I was at the dentist yesterday and found myself reflecting on what a different experience it is now to that of forty years ago. Society's ever-increasing obsession with the 'perfect' appearance generally troubles me, but at least it's done our mouths a favour. In the pursuit of a smile so bright white it could compete with car headlights in a 'Dazzle the Rabbits' competition, and jaws so immaculately regular you could name a well-known Blondie album after them (and I don't mean Eat To The Beat), people are taking more care of their choppers. (Phew, that was a long sentence...) It's even happening here where we are famed, in the most uncomplimentary way, for our 'English Teeth'. Dental clinics have become dental 'emporiums' and the one I go to now has a name that sounds more like a cocktail lounge than anything remotely medical.
As a typical child growing up in '70s Britain, an essential part of my daily diet was sugar, and it was usually taken two to three times a week in concentrated Spangles, Milky Way and Sherbet Pip form. It provided just the right amount of hyperactivity for important pursuits like French Skipping, but my teeth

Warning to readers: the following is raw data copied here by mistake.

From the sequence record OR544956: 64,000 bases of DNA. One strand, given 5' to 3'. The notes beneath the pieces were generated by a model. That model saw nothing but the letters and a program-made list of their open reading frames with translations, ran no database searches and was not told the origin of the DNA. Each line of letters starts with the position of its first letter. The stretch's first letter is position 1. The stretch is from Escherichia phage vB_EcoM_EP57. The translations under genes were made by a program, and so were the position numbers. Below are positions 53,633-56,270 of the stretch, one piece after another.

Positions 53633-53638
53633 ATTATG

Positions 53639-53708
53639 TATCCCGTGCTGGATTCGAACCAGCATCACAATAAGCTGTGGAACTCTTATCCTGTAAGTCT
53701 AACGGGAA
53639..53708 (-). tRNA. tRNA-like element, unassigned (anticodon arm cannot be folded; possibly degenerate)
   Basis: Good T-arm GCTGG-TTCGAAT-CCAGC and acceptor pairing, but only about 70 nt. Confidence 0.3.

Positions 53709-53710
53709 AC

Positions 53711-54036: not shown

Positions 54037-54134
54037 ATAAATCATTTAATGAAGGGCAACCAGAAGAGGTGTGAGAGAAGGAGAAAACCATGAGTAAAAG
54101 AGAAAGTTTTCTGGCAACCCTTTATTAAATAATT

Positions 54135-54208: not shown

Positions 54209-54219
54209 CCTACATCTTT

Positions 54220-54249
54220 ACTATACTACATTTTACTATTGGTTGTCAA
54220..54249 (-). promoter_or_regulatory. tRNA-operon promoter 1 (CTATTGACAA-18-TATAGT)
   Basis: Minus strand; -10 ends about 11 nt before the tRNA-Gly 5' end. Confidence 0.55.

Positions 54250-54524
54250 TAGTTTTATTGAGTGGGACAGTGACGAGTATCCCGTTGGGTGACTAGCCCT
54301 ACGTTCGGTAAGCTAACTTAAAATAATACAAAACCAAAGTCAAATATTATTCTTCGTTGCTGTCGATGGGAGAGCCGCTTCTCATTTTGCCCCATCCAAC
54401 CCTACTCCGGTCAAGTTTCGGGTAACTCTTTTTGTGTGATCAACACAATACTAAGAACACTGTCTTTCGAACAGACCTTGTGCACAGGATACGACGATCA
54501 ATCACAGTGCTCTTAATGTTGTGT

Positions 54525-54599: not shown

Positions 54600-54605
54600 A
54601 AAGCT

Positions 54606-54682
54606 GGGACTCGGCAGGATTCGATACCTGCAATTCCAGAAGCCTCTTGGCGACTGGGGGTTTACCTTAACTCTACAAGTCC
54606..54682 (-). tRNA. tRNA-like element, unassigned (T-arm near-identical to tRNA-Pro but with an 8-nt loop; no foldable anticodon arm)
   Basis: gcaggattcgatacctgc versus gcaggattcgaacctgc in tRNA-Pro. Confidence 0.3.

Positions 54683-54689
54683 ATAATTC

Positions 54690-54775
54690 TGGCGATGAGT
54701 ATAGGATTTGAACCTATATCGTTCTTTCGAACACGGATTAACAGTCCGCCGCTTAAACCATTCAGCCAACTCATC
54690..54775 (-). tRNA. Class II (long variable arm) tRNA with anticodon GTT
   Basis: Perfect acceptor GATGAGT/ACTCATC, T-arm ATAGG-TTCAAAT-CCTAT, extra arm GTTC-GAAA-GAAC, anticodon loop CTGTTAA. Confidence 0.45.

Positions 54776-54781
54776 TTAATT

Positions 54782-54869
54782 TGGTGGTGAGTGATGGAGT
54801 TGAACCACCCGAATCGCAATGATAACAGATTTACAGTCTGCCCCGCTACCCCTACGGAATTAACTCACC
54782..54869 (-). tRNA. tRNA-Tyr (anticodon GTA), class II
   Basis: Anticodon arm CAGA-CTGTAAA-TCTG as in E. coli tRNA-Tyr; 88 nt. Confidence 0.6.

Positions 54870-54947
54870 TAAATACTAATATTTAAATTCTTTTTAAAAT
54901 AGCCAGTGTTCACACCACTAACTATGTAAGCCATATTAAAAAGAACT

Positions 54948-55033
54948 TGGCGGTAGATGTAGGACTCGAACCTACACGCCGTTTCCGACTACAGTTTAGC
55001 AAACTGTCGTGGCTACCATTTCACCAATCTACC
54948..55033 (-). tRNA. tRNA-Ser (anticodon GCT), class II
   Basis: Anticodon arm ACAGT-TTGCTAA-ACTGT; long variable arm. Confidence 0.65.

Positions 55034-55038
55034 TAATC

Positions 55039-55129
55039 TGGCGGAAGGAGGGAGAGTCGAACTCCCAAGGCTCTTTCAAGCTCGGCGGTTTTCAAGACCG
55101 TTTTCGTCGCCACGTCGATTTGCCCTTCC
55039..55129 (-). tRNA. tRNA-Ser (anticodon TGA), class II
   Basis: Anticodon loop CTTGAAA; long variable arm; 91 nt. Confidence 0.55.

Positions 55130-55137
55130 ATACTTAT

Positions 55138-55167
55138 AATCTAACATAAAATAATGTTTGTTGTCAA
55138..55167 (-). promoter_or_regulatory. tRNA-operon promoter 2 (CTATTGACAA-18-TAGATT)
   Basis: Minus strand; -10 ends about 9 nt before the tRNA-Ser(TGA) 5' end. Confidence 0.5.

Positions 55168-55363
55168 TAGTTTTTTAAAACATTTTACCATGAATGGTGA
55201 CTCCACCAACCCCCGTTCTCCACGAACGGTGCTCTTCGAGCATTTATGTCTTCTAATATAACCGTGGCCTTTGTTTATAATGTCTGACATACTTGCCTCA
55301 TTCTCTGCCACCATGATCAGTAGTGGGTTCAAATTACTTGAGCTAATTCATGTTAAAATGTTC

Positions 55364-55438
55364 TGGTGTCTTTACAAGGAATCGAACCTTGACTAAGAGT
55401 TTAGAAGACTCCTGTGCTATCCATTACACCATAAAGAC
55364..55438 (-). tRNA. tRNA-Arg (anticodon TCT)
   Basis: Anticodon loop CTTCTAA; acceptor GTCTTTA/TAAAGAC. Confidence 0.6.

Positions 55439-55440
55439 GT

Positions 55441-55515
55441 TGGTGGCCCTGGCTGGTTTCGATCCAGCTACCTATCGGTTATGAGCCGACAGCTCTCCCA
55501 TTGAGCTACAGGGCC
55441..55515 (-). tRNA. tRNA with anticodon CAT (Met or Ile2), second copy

fared less well and by the time I was twelve my open mouth boasted an
impressive display of silvery amalgam fillings. Then, just when I
was at my most self-conscious, I had to wear
two dental braces - simultaneously. I could set off metal detectors three
streets away with ease, but speaking and eating required supreme effort.
The local dental surgery was a familiar place for all the wrong
reasons, so my mum used to make each ordeal a little more bearable by
promising a small present on the way home. Once she'd wiped the dribble from my chin, she'd take me down to my
favourite shop, Pearman & Blacker, where the delights on its many racks and displays let me temporarily forget the fuzzy sensation in
my cheek or an aching jaw. No, it wasn't a sweet shop; that would
have just been in bad taste. It was a bookshop. That smell of paper-and-printing-ink overrode the essence of antiseptic in my nostrils, the crisp covers promised magic carpet rides to lands where dentists didn't exist.
I have mercury fillings, corrective braces, extractions,
anaesthetics and injections to thank for the shelves in my childhood bedroom
becoming filled with Puffins and other paperbacks. Mrs Pepperpot,
Five Children and It, the Moomins, Spike Milligan's Milliganimals,
the Children of Green Knowe and even the Wombles all came into my life via my teeth. Fortunately those frequent trips to the dentist mean they are stronger and straighter now, but I'm very glad the legacy of a
'70s childhood was so much more than just the tooth decay.